If you read November's edition of Dancing Times (and I strongly recommend that you do!), the magazine's Talking Point column has some musings by Gramilano on the importance of dancers being informed not only about their own art, but about other arts, many of which are accumulated to make a ballet anyway: prose, music, painting, sculpture. Kenneth MacMillan's Romeo and Juliet is opening the season at La Scala in December: this guy called William Shakespeare wrote the story; another, Sergei Prokofiev, the music; and the beautifully painted and sculpted sets were designed by Mauro Carosi. Voilà!
Several years ago, I was with a group of dancers in London, commiserating with one who had been slightly wounded during the big Romeo and Juliet sword fight. Only one in the group – who had once danced Romeo – was certain as to how the ballet ends. They all knew that both Romeo and Juliet die, and that she uses a dagger, but there was general confusion about who took the poison. If I remember correctly, (there was a lot of vodka going around at the time), this arose from Juliet having taken the sleeping potion in an earlier scene. There was also some perplexity about what Paris was doing in the crypt and where the dagger came from. It became a running joke about several ballets thereafter: “I love the bit at the end when Manon marries Des Grieux,” and so on.
It's not that I have it in for dancers. I love dancers! My first jobs, however, were in opera, and some chorus members can be just the same, especially if it isn't a well-known Verdi or Puccini, and above all if they get to go home before the end.
Another thing I've noticed, especially with dancers who have come up through the school of the company where they work, is that they sometimes have little idea of the repertory outside that of their own company. Many just don't go and see a visiting company when they come to town, or watch videos from around the world; maybe just a video clip of a variation they are learning or the latest gobsmacking gymnastic feat on YouTube. When I go to a cinema relay in Milan or Rome it is rare that I see a dancer from La Scala or Rome Opera Ballet huddled up with their popcorn and Coke.
A dancer must have a real depth of culture
Just after I sent in my Dancing Times piece, the great Yvette Chauviré died. I came across an interview from 1989 where she said,
History, mythology, the literature of one's own country, but also that of other countries, that is the very least we must know! Geography, I love to study, much less arithmetic, but just because one doesn't like arithmetic, doesn't mean that one shouldn't study it! Getting a degree is fine, but even that is not enough. A dancer must have a much broader mind, and real depth of culture. People must use their spare time to improve their minds.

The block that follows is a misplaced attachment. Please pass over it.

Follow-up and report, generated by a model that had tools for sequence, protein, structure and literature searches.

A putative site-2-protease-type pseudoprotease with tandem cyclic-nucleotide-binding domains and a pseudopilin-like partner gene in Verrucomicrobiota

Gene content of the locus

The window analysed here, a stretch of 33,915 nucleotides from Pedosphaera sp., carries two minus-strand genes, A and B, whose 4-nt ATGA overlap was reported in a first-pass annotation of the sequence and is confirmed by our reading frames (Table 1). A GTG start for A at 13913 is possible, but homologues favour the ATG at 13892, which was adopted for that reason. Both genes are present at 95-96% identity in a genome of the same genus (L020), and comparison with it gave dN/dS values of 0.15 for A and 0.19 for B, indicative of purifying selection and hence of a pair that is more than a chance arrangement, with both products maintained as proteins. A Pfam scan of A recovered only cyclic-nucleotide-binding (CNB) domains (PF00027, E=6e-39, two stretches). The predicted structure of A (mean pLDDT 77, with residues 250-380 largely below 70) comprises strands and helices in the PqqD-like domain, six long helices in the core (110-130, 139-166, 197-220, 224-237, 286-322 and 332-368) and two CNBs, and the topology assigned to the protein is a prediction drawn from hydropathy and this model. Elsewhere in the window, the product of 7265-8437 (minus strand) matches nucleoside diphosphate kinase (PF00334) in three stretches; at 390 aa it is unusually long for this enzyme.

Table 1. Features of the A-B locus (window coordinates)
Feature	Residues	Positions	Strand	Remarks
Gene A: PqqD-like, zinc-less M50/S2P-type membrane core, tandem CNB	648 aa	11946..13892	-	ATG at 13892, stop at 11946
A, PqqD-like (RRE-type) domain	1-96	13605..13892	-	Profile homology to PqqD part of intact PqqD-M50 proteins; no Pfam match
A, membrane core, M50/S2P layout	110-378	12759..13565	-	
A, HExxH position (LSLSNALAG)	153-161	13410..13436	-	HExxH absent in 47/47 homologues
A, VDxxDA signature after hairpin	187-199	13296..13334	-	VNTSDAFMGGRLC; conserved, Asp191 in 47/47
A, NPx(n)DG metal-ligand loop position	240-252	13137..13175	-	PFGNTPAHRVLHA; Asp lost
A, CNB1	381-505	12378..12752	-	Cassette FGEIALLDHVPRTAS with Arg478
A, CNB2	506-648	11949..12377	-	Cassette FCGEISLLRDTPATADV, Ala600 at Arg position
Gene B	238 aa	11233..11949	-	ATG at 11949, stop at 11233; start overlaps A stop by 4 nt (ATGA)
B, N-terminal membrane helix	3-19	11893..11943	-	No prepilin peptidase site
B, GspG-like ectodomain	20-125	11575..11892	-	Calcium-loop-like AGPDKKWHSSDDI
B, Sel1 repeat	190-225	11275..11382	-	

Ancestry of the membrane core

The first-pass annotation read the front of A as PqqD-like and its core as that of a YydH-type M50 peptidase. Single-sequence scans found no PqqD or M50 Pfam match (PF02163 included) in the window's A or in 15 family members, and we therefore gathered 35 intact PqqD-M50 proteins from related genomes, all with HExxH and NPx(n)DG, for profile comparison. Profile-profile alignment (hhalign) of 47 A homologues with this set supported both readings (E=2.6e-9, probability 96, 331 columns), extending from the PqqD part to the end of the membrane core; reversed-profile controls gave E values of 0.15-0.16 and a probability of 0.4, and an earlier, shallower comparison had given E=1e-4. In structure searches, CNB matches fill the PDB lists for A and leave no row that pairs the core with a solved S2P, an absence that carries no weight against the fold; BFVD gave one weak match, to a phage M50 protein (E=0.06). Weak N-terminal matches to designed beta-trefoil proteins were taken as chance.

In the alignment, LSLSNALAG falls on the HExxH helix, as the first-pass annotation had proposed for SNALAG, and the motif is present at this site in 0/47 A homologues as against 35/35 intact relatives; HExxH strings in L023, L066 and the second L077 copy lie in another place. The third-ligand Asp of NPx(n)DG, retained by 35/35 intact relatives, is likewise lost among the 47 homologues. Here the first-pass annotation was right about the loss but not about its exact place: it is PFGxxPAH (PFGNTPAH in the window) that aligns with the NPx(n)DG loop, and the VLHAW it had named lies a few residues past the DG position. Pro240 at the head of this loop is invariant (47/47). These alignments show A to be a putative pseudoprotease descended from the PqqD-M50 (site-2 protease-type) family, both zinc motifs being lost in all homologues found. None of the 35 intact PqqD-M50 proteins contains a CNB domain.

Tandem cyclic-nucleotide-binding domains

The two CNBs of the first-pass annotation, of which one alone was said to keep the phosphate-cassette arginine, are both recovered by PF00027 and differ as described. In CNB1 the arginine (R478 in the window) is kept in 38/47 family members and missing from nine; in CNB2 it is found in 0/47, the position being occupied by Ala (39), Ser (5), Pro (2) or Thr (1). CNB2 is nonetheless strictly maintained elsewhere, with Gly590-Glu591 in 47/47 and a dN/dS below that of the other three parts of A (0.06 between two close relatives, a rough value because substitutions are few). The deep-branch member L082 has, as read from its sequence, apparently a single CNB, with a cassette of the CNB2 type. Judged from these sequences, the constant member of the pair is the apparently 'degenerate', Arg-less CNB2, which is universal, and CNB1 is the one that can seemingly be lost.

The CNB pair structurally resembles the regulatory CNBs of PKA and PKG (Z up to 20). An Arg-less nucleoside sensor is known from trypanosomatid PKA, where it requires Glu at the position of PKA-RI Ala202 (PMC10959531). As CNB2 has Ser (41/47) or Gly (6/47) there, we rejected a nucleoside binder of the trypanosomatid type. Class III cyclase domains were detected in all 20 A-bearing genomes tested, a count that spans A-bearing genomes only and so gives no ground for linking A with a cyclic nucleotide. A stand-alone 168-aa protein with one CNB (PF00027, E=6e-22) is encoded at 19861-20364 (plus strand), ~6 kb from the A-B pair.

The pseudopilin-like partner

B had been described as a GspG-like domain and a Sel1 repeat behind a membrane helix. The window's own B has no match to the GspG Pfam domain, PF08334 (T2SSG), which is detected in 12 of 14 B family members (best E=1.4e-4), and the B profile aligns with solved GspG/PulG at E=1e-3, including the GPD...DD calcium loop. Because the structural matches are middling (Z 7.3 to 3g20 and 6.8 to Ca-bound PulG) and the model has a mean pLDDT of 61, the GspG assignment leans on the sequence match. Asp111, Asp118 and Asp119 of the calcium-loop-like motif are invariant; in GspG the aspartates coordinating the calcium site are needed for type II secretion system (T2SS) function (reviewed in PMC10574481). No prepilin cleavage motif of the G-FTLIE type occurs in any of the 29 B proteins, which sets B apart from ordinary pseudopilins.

Two centuries before, one of the creators of what we now know as ballet, Jean-Georges Noverre – whose birthday, 29 April, is observed as International Dance Day – wrote various comments on the argument. In his Lettres sur les Arts Imitateurs en Général, et sur la Danse en Particulier, there are many references to education, culture and taste. Here's one:
In order for our art to reach the degree of the sublime which I wish for and demand, it is imperative for dancers to divide their time and studies between the mind and the body, and that both become the aim of their labour; but, unfortunately, all is given to the latter and nothing to the former. The legs are rarely guided by the brain, and, since the spirit and good taste do not reside in the feet, they often go astray. The intelligent person disappears and we are left with a poorly put together machine, winning the pointless admiration of jumps, and the rightful contempt of connoisseurs.¹
Ouch… and so true.
1. Pour que notre art parvienne à ce degré de sublimité que je demande et que je lui souhaite, il est indispensablement nécessaire que les danseurs partagent leurs temps et leur étude entre l'esprit et le corps, et que tous les deux soient ensemble l'objet de leur application ; mais on donne malheureusement tout au dernier, et l'on refuse tout à l'autre. La tête conduit rarement les jambes ; et, comme l'esprit et le goût ne résident pas dans les pieds on s'égare souvent ; l'homme intelligent disparait, il n'en reste qu'une machine mal combinée, livrée à la stérile admiration des sauts, et au juste mépris des connaisseurs.
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Graham Spicer is a writer, director and photographer in Milan, blogging (under the name ‘Gramilano') about dance, opera, music and photography for people “who are a bit like me and like some of the things I like”. He was a regular columnist for Opera Now magazine and wrote for the BBC until transferring to Italy.
His scribblings have appeared in various publications from Woman's Weekly to Gay Times, and he wrote the ‘Danza in Italia' column for Dancing Times magazine.
What an astonishing quote; so prescient. Looking back at Ballet Russe, one of the things I find so touching is that Nijinsky, and the other dancers, spent so much of their time looking at art in galleries, meeting and listening to great artists, concerning themselves with stage and costume design. So many of these wonderful dancers came from humble beginnings but their lives became a vast panorama of creativity. A long time later, Rudolf Nureyev seems to have been the same, as have many others. Beauty for the individual and the things that bring joy and maybe even good health when the days of dancing close, may be the continued understanding of art in all its wonderful guises.